Theatrical release poster
|Directed by||Frank Oz|
|Music by||Howard Shore|
|Edited by||Richard Pearson|
|Distributed by||Paramount Pictures|
|July 13, 2001|
|Box office||$113 million|
The Score is a 2001 American crime thriller film directed by Frank Oz, and starring Robert De Niro, Edward Norton, Angela Bassett and Marlon Brando in his final film role. It was the only time that Brando and De Niro appeared onscreen together. The screenplay was based on a story by Daniel E. Taylor and Kario Salem.
After nearly being caught on a routine burglary, master safe-cracker Nick Wells decides the time has finally come to retire from his criminal activities. He is enticed into taking one final score by his fence Max. The job, worth a $4 million payoff to Nick, is to steal a sceptre, a French national treasure stored in the ultra-secure basement of the Montréal Customs House. The sceptre was discovered by Customs agents being smuggled into the US through Canada. Max introduces Nick to Jack Teller, an ambitious thief who has infiltrated the Customs House and gained information regarding security by pretending to be an intellectually disabled janitor.
Nick's trusted associate Steven hacks into the Custom House's security system to obtain the bypass codes, allowing them to temporarily manipulate the alert protocols of the system during the heist. Steven is caught, however, by a corrupt systems administrator who extorts Nick for $50,000 for the information. More complications arise when they are forced to move up their timetable after the Customs House becomes aware of the sceptre's value and adds extra closed-circuit television cameras and infrared detectors to monitor the basement room while preparing to return it to its rightful owners.
Nick uses a sewer tunnel to enter the Customs House basement as Jack rigs the cameras to shut off when Nick enters the storage room. A fellow janitor stumbles upon Jack, who locks him in a closet. Nick fills the enormous in-floor safe containing the sceptre with water before inserting and detonating a depth charge to blow off the door. He quickly packs up the sceptre in a carrying case to depart, but Jack double crosses him and at gunpoint demands he hand it over. Nick reluctantly gives up the carrying case and seconds later the alarm, rigged by Jack, alerts the entire security staff to the heist. Nick darts for the sewer entrance he came in through as Jack heads back upstairs, tucking the carrying case inside his janitor jumpsuit and slipping past the incoming police units responding to the burglary. Nick escapes the security guards chasing him through the sewer tunnels.
After making it to a bus station to flee the city, Jack calls Nick to gloat but is shocked to discover that Nick has anticipated Jack's actions. Jack opens the carrying case Nick gave him and finds it contains a steel rod weighed down with various bushings. Brushing off Jack's threats of vengeance, Nick advises Jack to flee as "every cop in the city" will now be looking for him. Nick hangs up and boards a boat with the real sceptre as a shocked Jack broods over his situation. Later, Max smiles as he watches a news broadcast reporting a massive manhunt being organized to find Jack, the prime suspect, and an unidentified accomplice. Nick then meets Diane at the airport as she returns from work, and they embrace.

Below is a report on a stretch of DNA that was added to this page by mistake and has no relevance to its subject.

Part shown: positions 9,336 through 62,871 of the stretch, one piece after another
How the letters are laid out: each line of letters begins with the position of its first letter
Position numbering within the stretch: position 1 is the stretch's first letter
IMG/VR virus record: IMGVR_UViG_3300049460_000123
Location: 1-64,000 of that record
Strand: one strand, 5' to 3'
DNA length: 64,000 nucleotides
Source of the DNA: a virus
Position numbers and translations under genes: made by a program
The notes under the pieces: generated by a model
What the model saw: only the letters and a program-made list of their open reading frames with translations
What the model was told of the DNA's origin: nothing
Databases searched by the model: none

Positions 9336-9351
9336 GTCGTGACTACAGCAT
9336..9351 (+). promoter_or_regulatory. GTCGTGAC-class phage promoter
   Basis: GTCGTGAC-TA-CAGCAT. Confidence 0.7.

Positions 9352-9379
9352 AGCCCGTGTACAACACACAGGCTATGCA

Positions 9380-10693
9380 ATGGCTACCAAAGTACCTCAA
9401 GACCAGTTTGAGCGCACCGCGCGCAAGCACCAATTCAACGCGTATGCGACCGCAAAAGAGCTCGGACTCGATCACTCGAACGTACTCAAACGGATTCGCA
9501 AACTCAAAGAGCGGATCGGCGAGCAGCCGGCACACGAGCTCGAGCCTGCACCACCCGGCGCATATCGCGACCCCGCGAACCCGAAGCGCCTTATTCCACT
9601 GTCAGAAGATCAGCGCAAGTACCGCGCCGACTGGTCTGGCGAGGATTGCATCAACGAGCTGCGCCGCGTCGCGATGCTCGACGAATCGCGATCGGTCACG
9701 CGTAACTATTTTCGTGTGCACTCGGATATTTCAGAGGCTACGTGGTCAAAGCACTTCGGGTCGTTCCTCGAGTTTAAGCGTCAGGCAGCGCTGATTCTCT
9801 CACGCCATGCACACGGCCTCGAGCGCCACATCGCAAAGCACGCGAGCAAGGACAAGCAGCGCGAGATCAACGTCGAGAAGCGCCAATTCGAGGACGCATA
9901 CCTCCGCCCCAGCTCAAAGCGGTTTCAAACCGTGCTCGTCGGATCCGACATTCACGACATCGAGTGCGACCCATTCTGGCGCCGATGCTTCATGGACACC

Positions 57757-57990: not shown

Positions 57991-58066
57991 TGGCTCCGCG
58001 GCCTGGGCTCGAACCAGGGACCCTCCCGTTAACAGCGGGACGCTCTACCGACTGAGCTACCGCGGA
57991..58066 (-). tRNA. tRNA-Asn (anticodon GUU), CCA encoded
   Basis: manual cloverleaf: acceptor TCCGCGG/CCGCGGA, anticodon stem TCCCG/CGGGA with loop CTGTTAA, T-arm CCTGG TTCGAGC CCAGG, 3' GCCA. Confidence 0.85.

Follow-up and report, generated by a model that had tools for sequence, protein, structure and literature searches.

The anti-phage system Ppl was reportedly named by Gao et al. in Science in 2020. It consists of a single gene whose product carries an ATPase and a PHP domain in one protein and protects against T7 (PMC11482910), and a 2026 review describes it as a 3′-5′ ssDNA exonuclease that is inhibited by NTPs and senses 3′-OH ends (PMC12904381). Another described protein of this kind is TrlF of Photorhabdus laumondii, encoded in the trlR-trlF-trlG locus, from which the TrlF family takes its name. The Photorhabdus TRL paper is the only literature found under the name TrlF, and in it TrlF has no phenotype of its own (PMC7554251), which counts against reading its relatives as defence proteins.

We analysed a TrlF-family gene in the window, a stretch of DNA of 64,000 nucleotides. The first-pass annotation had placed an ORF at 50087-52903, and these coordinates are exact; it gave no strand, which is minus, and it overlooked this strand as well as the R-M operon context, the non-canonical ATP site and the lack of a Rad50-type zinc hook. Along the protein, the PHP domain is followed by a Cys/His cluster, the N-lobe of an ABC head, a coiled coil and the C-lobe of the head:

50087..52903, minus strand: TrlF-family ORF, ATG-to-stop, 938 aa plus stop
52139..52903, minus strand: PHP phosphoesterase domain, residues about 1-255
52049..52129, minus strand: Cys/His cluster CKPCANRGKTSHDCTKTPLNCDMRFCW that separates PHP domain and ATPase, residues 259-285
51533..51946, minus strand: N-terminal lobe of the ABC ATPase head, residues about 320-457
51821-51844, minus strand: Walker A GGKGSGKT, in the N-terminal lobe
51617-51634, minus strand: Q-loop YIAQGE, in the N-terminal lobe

During the production, Brando repeatedly argued with Oz and called him "Miss Piggy", the Muppet whom Oz played from 1976 to 2001. Brando's eccentric behavior on set included performing scenes in his underwear and altogether refusing to be directed by Oz at times, having co-star DeNiro take over with Oz instructing via an assistant director, an allegation that Oz denied flatly. "There was one scene-two days of shooting-when Marlon was too upset with me to act while I was on the set," Oz stated. "I watched from outside, with a monitor, and Bob was very good and acted as mediator between us."
Despite these reports, Oz downplayed the conflict after the film's release, taking unspoken note of the reported tension on the movie's Montreal set:
|"||He's a very sweet, gracious -- childlike in some ways -- very, very humane, very complex person. But I can't say that we got along all the time. And it wasn't because he was difficult; it was a difficult situation. I don't want to do a puffery piece here, I want to be flat-out true: We had a difference in creative interpretation of the role. He felt one way, quite sincerely and earnestly, and I felt the other, and the producers backed me, which I'm grateful for, and Marlon did come around to my side.||"|
Oz later blamed himself for the tension and cited his tendency to be confrontational rather than nurturing in response to Brando's acting style.
The film was released on VHS and DVD on December 11, 2001.
In its opening weekend, the film opened at #2 in the U.S. box office raking in $19 million, behind Legally Blonde. After its July 13, 2001 opening, the $68 million film earned a gross domestic box office take of $71,107,711. Combined with the international box office, the worldwide total is $113,579,918.
The review aggregator Rotten Tomatoes gives the film a rating of 73% based on 128 reviews, and a rating average of 6.5/10. The website's critical consensus reads, "Though the movie treads familiar ground in the heist/caper genre, De Niro, Norton, and Brando make the movie worth watching."
Peter Travers, film critic for Rolling Stone, pointed out that when "two Don Corleones team up", he expected "the kind of movie that makes people say, 'I'd pay to see these guys just read from the phone book.'" However, he concluded, "There's nothing you can't see coming in this flick, including the surprise ending. Quick, somebody get a phone book."